• Using flow cytometry following treatment levels, investigators found that GvHD prophylaxis with abatacept significantly preserved the proportions of naïve T cells.

Subanalysis in Black patients reported at the TCT 2021 Meeting

The focus of this subanalysis was to compare safety of 43 abatacept-treated patients with MMUD transplant with 69 placebo-treated patients who had received an MUD transplant in the ABA2 trial.2 This subanalysis confirmed that the MMUD cohort treated with abatacept showed a significantly reduced risk of aGvHD Grade II−IV compared with the MUD cohort treated with placebo (p = 0.013). This significant reduction was also seen for severe aGvHD (Grade III−IV) with a cumulative incidence of 2.3% for the MMUD cohort vs 14.8% for the MUD cohort (p = 0.033). As in the main analysis, no impact was seen on the incidence of cGvHD following abatacept treatment. No statistical difference was found between both cohorts for TRM, survival outcomes, relapse, engraftment, immune reconstitution, and viral reactivation.

The subanalysis concluded that due to the reduced risk of severe aGvHD in MMUD transplanted patients receiving abatacept, the disadvantages of using MMUD can be overcome. This may mitigate the racial/ethnic differences in outcomes following HSCT which are partly due to the decreased availability of MUD for Black people. Muna Qayed also reported on the initiation of a trial (NCT04380740) to investigate the impact of extending the duration of treatment of abatacept on cGvHD.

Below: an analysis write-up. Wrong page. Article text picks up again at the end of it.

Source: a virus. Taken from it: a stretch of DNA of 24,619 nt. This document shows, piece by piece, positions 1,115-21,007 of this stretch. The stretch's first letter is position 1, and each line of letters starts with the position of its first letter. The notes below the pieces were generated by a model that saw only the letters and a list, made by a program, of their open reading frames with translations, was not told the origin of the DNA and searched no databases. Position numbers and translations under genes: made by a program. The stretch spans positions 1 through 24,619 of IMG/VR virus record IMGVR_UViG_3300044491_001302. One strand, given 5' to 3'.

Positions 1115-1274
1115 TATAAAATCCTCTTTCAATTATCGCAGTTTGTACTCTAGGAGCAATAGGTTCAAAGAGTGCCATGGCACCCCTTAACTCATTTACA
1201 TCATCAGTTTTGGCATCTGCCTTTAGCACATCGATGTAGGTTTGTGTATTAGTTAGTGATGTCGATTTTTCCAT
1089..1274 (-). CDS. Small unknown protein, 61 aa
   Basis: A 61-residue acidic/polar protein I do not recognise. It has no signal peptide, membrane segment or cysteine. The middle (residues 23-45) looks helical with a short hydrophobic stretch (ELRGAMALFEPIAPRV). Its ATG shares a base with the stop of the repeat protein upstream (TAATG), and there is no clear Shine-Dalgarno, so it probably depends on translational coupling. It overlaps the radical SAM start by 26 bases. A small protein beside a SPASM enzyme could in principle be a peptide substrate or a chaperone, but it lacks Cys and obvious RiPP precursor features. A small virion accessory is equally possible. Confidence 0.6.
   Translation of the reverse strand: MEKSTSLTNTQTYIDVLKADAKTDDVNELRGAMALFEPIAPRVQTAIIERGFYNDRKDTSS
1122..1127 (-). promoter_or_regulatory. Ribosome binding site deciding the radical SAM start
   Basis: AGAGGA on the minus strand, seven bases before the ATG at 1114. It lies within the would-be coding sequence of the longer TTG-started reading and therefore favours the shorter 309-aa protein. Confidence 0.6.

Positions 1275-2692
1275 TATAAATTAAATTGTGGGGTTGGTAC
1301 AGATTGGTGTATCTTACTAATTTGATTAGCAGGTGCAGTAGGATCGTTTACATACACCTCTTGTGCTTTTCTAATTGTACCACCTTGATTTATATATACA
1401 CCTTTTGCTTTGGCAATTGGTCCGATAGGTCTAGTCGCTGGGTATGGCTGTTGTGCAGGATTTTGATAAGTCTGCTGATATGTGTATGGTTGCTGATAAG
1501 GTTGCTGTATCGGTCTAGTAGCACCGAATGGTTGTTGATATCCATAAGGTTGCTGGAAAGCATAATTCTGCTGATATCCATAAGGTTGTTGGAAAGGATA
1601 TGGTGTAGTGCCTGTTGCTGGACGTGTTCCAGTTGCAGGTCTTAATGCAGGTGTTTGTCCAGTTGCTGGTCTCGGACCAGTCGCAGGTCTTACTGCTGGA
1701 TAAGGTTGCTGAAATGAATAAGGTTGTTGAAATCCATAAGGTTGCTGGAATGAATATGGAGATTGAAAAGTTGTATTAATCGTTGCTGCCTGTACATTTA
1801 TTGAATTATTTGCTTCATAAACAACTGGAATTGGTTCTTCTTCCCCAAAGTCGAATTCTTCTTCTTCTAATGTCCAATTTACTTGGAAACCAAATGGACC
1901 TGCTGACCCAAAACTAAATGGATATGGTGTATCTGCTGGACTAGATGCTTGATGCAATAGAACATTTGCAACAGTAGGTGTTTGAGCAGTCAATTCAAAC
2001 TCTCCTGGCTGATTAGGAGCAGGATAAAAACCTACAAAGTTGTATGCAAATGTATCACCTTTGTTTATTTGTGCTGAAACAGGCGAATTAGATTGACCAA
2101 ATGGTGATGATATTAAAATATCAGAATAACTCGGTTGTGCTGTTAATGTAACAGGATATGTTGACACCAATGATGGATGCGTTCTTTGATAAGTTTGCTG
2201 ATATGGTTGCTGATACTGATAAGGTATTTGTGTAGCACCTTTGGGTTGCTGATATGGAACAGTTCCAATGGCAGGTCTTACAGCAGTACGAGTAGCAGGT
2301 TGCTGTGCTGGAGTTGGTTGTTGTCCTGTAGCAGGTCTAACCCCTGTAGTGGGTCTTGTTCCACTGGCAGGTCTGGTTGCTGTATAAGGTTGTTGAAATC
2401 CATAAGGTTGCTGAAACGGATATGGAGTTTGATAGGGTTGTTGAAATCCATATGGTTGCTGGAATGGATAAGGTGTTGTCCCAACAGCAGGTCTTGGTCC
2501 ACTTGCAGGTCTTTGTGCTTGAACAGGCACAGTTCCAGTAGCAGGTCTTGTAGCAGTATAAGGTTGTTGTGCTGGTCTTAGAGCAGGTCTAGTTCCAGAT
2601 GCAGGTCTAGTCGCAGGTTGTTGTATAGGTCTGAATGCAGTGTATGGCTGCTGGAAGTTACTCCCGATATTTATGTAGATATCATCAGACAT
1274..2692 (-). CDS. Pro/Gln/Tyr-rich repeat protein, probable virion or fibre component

Conclusion

Safe and effective GvHD prophylaxis strategies for patients without HLA-matched sibling donors are desperately needed. In ABA2, abatacept was shown to reduce the incidence of aGvHD in patients receiving MMUD and MUD transplants and greatly improve survival outcomes for the MMUD cohort when compared to a matched historical control. The safety profile for this treatment was also shown to be acceptable. However, using a four-dose regimen of abatacept in this trial was not shown to have any impact on the incidence of chronic GvHD. In order to assess if a longer dosing schedule would improve the risk of cGvHD development, further trials are necessary.

  1. Watkins B, Qayed M, McCracken C, et al. Phase II trial of costimulation blockade with abatacept for prevention of acute GVHD. J Clin Oncol. 2021. Online ahead of print. DOI: 1200/JCO.20.01086
  2. Qayed M, Watkins BK, Gillespie S, et al. Comparable outcomes for matched and mismatched unrelated donor (URD) transplantation with the addition of abatacept to standard graft versus host disease prophylaxis. Transplantation and Cellular Therapy. 2021;27(Issue 3, Supplement):S32-S33. DOI: 1016/S2666-6367(21)00059-2